Alright, alright, alright, I'll admit that I've ranted a lot. It just never transferred into actual writing. In fact, most of my ranting has been peppered all along the North Dallas toll road, Interstate 35 and thoroughfares throughout North Texas in general. And, the truth be told, those rants weren't exactly PG fare either.

Such is my life.

So finally after months in writing remission, I'm taking tiny baby blogging steps again, so I'll keep it short.

This was the first summer I spent without attending/working at a high school journalism workshop. Even after I retired from teaching, I still dutifully participated at a summer high school publications workshop.

But not this summer. No siree, Missy.

This summer I boldly declared my independence from all things counterproductive and resigned from the workshop (for reasons better left in the "if-you-can't-say-anything-nice-don't-say-it-at-all category). Instead, I flew off on my first European trip ever–to Italy.

And, sadly (or happily depending upon your perspective), I did not miss the workshop.

No siree, Missy, not one bit.

Such a revelation actually surprised me. In ways I had never realized before, the distance was quite liberating. There is something rather confining and restricting about not letting go, about not letting others step up, about not moving on. Talk about an epiphany.

And then there's something rather remarkable that occurs when distance brings clarity, especially from half a world away. I was sitting with friends at a little Italian cafe waving to school kids whizzing through the piazza on their bicycles as they journeyed home. That experience brought more joy than a summer full of workshops.

I guess you had to be there--or not there--to understand.

Sunday, January 25, 2015

A Day at the Movies

One of the perks of my (ad)venture in real estate is that I can arrange my own calendar.

Instead of waiting, I can actually go to a matinee and watch a movie when it first comes out and eat a buttery bucket of popcorn for lunch (don't judge me).

Such was the case a few days ago when my husband and I went to see American Sniper, the movie about former Navy Seal Chris Kyle, America's deadliest sniper. 
Chris Kyle visiting MHS in February of 2012

Almost a year prior to this death, Kyle came to Midlothian High School (where I was teaching at the time) to share his experiences and discuss his book at a teacher in-service. Kyle was invited as a guest speaker because he had a special connection to Midlothian. He had once attended MHS and lived in Midlothian with his wife and children. I'm thankful I had the opportunity to meet and thank Chris Kyle and his wife, Taya, that day.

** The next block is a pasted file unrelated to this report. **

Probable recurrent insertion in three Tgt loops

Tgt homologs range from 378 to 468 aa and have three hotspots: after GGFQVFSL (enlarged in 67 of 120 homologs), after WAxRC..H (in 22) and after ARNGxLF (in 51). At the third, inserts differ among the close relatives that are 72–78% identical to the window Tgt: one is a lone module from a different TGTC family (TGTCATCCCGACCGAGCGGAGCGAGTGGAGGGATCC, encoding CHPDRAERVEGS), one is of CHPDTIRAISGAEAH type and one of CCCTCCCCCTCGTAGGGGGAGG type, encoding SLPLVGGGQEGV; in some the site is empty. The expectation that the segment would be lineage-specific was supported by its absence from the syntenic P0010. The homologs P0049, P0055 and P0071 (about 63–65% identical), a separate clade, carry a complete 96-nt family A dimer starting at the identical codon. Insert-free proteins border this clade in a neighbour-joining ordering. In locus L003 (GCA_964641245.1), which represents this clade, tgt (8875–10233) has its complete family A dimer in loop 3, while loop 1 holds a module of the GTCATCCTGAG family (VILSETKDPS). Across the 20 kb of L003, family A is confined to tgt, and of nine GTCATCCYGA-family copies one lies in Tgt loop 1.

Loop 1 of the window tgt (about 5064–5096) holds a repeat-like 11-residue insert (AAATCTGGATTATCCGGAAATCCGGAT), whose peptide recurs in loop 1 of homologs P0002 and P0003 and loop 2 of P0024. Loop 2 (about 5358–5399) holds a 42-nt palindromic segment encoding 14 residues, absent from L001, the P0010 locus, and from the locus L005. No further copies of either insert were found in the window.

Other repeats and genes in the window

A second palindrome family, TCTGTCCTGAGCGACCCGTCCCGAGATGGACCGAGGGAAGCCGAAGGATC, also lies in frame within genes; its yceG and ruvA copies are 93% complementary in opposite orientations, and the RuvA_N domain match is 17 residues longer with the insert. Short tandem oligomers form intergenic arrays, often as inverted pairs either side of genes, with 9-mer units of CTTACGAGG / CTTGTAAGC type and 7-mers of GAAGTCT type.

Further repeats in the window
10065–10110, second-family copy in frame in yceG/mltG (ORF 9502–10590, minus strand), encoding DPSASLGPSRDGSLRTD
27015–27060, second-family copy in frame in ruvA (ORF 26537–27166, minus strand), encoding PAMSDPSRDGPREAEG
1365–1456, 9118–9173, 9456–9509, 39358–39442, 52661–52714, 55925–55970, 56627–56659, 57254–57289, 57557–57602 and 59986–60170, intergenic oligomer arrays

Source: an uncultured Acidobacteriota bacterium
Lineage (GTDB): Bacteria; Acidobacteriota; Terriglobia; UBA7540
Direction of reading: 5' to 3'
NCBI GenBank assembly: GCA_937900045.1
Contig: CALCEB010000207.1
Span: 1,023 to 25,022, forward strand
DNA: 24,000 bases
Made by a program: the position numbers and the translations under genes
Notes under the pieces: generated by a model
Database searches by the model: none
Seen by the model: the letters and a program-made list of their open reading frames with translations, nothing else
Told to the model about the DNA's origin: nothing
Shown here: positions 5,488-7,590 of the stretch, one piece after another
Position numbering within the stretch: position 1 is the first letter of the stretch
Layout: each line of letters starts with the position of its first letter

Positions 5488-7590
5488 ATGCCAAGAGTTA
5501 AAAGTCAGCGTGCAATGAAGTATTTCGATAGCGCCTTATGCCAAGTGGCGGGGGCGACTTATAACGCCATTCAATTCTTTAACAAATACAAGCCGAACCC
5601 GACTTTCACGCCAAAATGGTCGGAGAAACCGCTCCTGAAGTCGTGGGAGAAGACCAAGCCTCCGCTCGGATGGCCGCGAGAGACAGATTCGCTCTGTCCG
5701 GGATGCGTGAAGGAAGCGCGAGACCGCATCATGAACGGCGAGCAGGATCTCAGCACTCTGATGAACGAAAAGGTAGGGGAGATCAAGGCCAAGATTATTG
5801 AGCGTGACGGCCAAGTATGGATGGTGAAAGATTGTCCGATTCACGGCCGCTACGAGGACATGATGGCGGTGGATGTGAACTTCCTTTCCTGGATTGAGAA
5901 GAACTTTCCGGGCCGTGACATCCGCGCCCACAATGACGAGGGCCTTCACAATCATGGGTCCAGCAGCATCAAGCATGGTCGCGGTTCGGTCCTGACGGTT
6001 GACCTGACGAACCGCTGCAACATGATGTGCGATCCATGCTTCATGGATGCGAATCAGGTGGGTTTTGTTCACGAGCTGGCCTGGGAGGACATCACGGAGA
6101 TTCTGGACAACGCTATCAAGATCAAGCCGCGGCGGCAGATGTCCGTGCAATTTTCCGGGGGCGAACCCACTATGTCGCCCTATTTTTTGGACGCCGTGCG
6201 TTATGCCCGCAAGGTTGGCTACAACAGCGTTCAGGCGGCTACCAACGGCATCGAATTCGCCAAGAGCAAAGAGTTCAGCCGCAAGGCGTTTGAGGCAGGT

I enjoyed the book and the movie–although the word "enjoyed" seems so ill-fitting and out of place. Both the book and the movie helped put into perspective the sacrifices our soldiers and their families make for us and the toll their tours make. 

Days after seeing American Sniper, the movie still haunts me and leaves me with a sadness that a true American hero is gone. (Kyle was killed Feb. 2, 2013 by a former Marine he was trying to help.) 

As we approach the anniversary of Chris Kyle's death, remember those who sacrifice so much for our freedom.

Monday, December 29, 2014

New Year's Resolutions for 2015

Well, 2015 is just around the corner-- a brand spanking new year filled with hope and new dreams, and, of course, New Year's Resolutions.

I really should give up on that, though. No, not the new year, but those pesky New Year's Resolutions. I went back and perused previous blogs about my resolutions, and I noticed a nasty little trend… None of them made it. None. Zilch. Zippo. Nadda. Zero. Not a blooming one.

Rather discouraging don't you think? Especially since I started a new Pinterest board entitled, "A Better Me."

Jeepers Creepers. It all seems sort of pointless, doesn't it?

But then I was surfing the ol' Internet for some inspirational quotes to include in my chapter newsletter for ADK, when, what to my wondering eyes should appear… Well, no, silly, not the miniature sleigh and eight tiny reindeer, but this quote: "Resolutions are most often empty promises for those who have an abundance of dreams, but refuse to wake up and live them."

Hmmmmm… I don't know that I would call that an inspirational quote. Seems like a much needed kick in the behind by a reindeer or two. So I decided that perhaps that little quote should be my 2015 resolution–To actually wake up and live those promises I make to myself.

In the meantime, though, while I was looking around for inspirational stuff. I found these New Year's resolutions for teachers posted by the Pensive Sloth, another Texas blogger. Wish I could claim these as mine, but alas, they are not… here are two of my favorites…

To see them all, head on over there.